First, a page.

USS R-21 (SS-98)
|Ordered:||29 August 1916|
|Builder:||Lake Torpedo Boat, Bridgeport, Connecticut|
|Laid down:||19 April 1917|
|Launched:||10 July 1918|
|Commissioned:||17 June 1919|
|Decommissioned:||21 June 1924|
|Struck:||9 May 1930|
|Fate:||Sold for scrap, 30 July 1930|
|Type:||R class submarine|
|Displacement:||495 long tons (503 t) surfaced
598 long tons (608 t) submerged
|Length:||175 ft (53 m)|
|Beam:||16 ft 8 in (5.08 m)|
|Draft:||13 ft 11 in (4.24 m)|
|Speed:||14.4 knots (26.7 km/h; 16.6 mph) surfaced
11 knots (20 km/h; 13 mph) submerged
|Complement:||29 officers and men|
|Armament:||• 4 × 18 in (457 mm) torpedo tubes
• 1 × 3"/50 caliber gun
USS R-21 (SS-98) was an R-class coastal and harbor defense submarine of the United States Navy. Her keel was laid down on 19 April 1917 by the Lake Torpedo Boat Company in Bridgeport, Connecticut; the R-boats built by Lake Torpedo Boat (R-21 through R-27) are sometimes considered a separate class from those built by Fore River Shipbuilding (R-1 through R-14) and Union Iron Works (R-15 through R-20). She was launched on 10 July 1918 sponsored by Mrs. Dallas C. Laizure and commissioned on 17 June 1919 with Lieutenant Commander Morris D. Gilmore in command.
Attached to Submarine Division 1, R-21 operated out of the submarine base at New London, Connecticut. She conducted diving and approach tactical training in Long Island Sound, and conducted several training cruises in the vicinity of Block Island with other units of the division. Following a recruiting cruise to New Haven, Connecticut, and Bridgeport, Rhode Island, from 20 August to 27 August, she returned to New London for upkeep.
R-21 continued practice dives off the coast into the fall with a call at the Torpedo Station, Newport, Rhode Island, on 21 October. She departed New London on 1 November 1919 in company with R-22, R-24, R-27, and Eagle No. 31. Proceeding via Hampton Roads, Wilmington, North Carolina, Savannah, Georgia, Key West, Florida, Havana, Cienfuegos, and Guantanamo Bay, Cuba; and Kingston, Jamaica, she arrived at Coco Solo, Panama Canal Zone, on 11 December.
Following several practice dives out of Coco Solo, she transited the Panama Canal on 27 January 1920 for drydock work at Balboa. Returning to Coco Solo, R-21 continued to refine her diving, approach, and torpedo tactics through the spring and summer. During two trips to Almirante Bay, 30 March-2 April and 17-20 May, she practiced with other units of the first division.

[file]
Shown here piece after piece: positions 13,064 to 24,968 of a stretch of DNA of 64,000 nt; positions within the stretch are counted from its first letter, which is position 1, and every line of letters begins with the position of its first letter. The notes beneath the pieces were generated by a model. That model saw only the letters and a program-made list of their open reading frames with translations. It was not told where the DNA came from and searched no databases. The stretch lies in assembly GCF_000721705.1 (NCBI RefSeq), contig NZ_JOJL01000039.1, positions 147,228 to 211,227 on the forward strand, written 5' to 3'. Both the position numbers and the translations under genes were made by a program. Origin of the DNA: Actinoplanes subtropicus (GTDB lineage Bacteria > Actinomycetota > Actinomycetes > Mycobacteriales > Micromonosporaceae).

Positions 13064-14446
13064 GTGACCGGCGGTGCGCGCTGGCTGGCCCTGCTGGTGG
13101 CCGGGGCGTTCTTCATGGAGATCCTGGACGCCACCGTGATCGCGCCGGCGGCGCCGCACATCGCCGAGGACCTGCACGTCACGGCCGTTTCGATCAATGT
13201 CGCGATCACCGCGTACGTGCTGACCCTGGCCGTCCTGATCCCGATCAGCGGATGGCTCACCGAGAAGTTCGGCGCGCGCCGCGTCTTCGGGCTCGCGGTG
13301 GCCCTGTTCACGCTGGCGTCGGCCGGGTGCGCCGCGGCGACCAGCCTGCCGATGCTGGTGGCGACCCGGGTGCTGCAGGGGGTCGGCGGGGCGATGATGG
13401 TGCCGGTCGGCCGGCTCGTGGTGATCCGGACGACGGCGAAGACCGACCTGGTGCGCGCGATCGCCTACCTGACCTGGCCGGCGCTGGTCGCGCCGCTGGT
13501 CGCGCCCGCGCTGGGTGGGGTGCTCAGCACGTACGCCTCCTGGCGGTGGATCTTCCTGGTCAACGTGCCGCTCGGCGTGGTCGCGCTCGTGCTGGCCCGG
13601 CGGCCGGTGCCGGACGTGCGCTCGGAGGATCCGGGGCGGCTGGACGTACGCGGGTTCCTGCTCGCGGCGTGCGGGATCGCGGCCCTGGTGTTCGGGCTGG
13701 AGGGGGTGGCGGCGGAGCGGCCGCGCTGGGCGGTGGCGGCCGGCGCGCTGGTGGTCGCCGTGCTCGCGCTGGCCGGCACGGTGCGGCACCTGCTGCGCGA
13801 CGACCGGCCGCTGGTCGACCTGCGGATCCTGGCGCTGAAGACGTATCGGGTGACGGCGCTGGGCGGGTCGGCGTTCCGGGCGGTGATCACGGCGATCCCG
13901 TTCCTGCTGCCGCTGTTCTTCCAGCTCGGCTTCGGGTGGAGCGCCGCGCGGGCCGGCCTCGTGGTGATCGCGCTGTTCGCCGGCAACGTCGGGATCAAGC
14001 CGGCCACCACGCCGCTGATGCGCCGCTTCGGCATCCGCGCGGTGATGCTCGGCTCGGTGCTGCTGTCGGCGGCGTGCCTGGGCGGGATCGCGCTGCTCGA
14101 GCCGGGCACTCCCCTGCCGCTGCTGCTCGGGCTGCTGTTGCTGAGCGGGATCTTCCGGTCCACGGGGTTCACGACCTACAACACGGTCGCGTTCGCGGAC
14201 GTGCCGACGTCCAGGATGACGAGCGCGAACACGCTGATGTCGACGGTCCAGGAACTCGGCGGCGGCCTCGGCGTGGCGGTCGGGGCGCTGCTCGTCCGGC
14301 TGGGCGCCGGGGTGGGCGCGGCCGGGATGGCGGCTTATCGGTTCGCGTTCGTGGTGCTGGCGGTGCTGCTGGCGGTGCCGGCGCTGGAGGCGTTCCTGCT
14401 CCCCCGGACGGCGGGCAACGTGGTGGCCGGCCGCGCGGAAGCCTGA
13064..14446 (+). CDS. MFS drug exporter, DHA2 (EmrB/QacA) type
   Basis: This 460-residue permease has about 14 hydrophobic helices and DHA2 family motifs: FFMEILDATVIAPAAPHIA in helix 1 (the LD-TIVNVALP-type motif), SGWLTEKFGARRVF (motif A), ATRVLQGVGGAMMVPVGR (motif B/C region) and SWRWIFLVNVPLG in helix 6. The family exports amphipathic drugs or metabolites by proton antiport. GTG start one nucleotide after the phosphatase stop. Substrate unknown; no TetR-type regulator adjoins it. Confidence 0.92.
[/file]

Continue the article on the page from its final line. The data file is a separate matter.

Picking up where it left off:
Given hull classification symbol SS-98 in July, R-21 again transited the canal to Balboa 27 September for a month in drydock. Upon returning to Coco Solo, she was laid up for 11 months of extensive overhaul. She sailed north on 26 September 1921 via Guantanamo Bay, Key West, and New York City, arriving New London on 27 October. She sailed to Portsmouth, New Hampshire, on 27 December for refitting.
A successful test dive on 26 May 1922 meant that R-21 could return to New London. Through the spring and summer months she operated out of New London and Newport.
The craft of Submarine Division 1 sailed from New London on 2 October 1922 for Coco Solo. R-21 served as flagship as the boats cruised via Hampton Roads and Guantanamo. After 11 days out, R-24 developed engine trouble and was temporarily taken under tow by R-21. The Cuba-bound steamer SS Bethore rendered assistance, and R-21 arrived at Coco Solo on 27 October.
R-21 spent the rest of her active Navy days operating out of Coco Solo and undergoing repairs at Balboa. She sailed from Coco Solo for the last time 15 February 1923 in company with a tender, Quail (AM-15), and eight other submarines. Two days later R-21's engines malfunctioned and she was towed into Guantanamo by the tender. Repairs were quickly accomplished and R-21 sailed for Philadelphia, Pennsylvania, on 22 February, arriving there via Charleston, South Carolina, on 9 November 1923.
- This article incorporates text from the public domain Dictionary of American Naval Fighting Ships. The entry can be found here.
- Photo gallery of USS R-21 at NavSource Naval History